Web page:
• Amy Alves

My Buff Beta Reader

I was a seasoned romance reader well before I started dabbling in writing my own novels. After I had kids, my reading went from ten books a year to over a hundred. It was something just for me, a little indulgence that I mentally needed. Especially on those nights when the kids were up every 32 minutes and I wasn't able to sleep anyway.

I often thought about some of these writers and if they involved their significant others to help in plotting or feedback. Or even the sexy scenes. Usually in the acknowledgements section, I'd see them mentioned, and many confirmed that their partner had helped along the way.



My husband ended up being both an alpha and beta reader for me and it's been enlightening and hilarious. First, I have to mention how important beta readers have been in my writing process. I have a small team who are so detailed, thoughtful, and constructive in the feedback they provide as they are immersed in the world I've created.


It's vital to get beta readers who are experienced in your genre, because they know what readers will expect. There's a recipe to romance tropes, and while this bit of predictability may seem unappealing to some, it is actually what your audience has come to expect. When you venture too far off course, that's when readers get testy. Or that's how I've felt in the past, anyway.


My beta readers know their romance!

With one notable exception: my loving husband.


This amazing man has spent countless hours brainstorming with me, acting as a sounding board, problem-solving, and answering 327 questions about a variety of things that I have zero knowledge of, but required for scenes in my books. Things such as: how company votes work, shareholders, the NHL and AHL and how they work together, incorporated companies, NFL questions, and a man's perspective on different scenarios. I don't even think he teased me much. He drew diagrams, used analogies, suggested twists and surprises in my plot line. He's pretty dreamy. And buff as the title suggests... I am typing this post while taking small breaks to watch him workout.



Refocusing....

Here's the interesting thing about getting a non-romance reader to provide feedback on your book... they approach it logically, see the plot in a different light, and may be pleasantly surprised by the steamy scenes. My hubby is a linear thinker, who likes to simplify and prioritize. He caught several plot and character flaws no one else did and had a different perspective. Now, I did have to remind myself that he is not my target audience, so some of his comments got left on the editing room floor.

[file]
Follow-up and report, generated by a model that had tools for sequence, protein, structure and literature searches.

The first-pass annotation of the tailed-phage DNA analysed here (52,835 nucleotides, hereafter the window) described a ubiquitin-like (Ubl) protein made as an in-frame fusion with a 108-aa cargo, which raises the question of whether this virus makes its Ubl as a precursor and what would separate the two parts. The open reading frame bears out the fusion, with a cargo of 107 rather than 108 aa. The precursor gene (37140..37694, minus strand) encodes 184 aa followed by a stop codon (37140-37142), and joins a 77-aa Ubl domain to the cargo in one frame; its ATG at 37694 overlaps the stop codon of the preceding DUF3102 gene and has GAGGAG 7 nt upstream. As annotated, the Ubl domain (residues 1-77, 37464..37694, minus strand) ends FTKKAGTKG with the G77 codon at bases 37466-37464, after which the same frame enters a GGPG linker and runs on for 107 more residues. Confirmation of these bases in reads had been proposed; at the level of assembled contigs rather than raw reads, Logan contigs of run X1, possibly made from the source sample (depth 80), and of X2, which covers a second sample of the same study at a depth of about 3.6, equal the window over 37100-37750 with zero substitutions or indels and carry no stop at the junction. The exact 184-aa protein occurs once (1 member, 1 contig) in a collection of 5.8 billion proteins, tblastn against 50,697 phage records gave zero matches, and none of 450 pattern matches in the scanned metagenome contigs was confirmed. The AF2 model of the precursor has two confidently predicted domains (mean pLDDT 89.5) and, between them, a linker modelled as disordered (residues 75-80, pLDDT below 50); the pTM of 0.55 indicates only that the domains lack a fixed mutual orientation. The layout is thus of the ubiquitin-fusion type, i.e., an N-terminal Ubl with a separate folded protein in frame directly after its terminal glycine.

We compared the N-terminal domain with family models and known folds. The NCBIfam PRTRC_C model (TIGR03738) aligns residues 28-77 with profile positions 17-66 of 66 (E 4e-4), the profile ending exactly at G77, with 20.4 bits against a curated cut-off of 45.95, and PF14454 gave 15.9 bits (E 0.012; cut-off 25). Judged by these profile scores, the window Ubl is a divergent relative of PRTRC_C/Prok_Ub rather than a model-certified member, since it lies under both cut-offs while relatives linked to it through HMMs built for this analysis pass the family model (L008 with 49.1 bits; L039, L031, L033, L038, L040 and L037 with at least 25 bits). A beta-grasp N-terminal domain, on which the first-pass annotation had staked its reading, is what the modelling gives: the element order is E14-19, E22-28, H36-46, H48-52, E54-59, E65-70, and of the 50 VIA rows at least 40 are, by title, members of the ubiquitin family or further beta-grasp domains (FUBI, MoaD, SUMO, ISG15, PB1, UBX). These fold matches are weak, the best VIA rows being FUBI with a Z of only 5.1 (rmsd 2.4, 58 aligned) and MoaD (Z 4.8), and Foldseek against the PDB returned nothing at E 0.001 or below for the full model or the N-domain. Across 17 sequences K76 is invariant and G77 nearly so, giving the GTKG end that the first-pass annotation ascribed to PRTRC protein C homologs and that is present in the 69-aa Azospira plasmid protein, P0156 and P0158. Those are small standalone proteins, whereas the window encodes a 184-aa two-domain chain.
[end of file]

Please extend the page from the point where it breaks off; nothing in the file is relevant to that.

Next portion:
One of the most fun parts of editing (which if you are a writer, you would likely agree that there are not a lot of fun parts), was reading his comments and suggestions.


He was so frustrated by the conflict, wondering why they could just do this or that and they could have avoided the whole mess.

This is where I had to explain multiple times that there needs to be conflict, just like when he eats my chocolate and there is conflict and then I mention how avoidable that was too. Ha. Seriously though, characters and relationships have flaws and this can be seen as they deal with life events.


I had the draft saved as a Google Doc and shared amongst my alpha readers before sending it out to the rest of my beta readers to get some of the more embarrassing mistakes fixed before it was sent to my betas. I shared the file with my mom, sister, and husband. My sister said she was getting so distracted by our comment banter that she was worried we were taking away from the story with our back-and-forth banter. I picture her going onto the google doc with popcorn ready to scroll through the comments section of the novel I painstakingly wrote for almost two years.

"You're risking the side comments being more interesting that the original content..."

- my sister's patented backhanded compliment (it runs in the family)


If you are a romance reader, not writer, and want to have some of these relationship/character/conflict debates with your significant other, get them to read one of your favorite romance novels. We had so

many cheesy, character arc, sequel book, sexy-filled talks about several of my romance plots, but you could do this with any romance novel. They could hate it, yes. But that's something to talk about too. My hubby didn't like the drama and how complex some of the feelings were. He's a pretty straight forward guy, so it was a bit much for him. But it led to conversation. Plus - sexy scenes. If your significant other doesn't want to talk about the internal conflict of the protagonist, they may want to talk about the shower sex scene. Just saying...


When I use 'fancy terms' instead of simple ones, he gets snippy. So, I sprinkled in a few just to irk him.

Bottomline: if your hubby is interested in reading your writing - let him! It was fun, interesting, hilarious, and helpful!


The Buff Beta Reader will be reading another book for me this week. This will be book 3 in the Landry Love Series. Book 1, The Experiment, is set to publish February 4th, 2021.

We will see how this this beta experience goes and possibly do a Part 2 of his comment shenanigans.


Side Note: I should mention that there were also adorable comments made on the doc about how much he laughed during a scene, how he liked a certain character, or when he was surprised by something. I only shared the ones that made me laugh.

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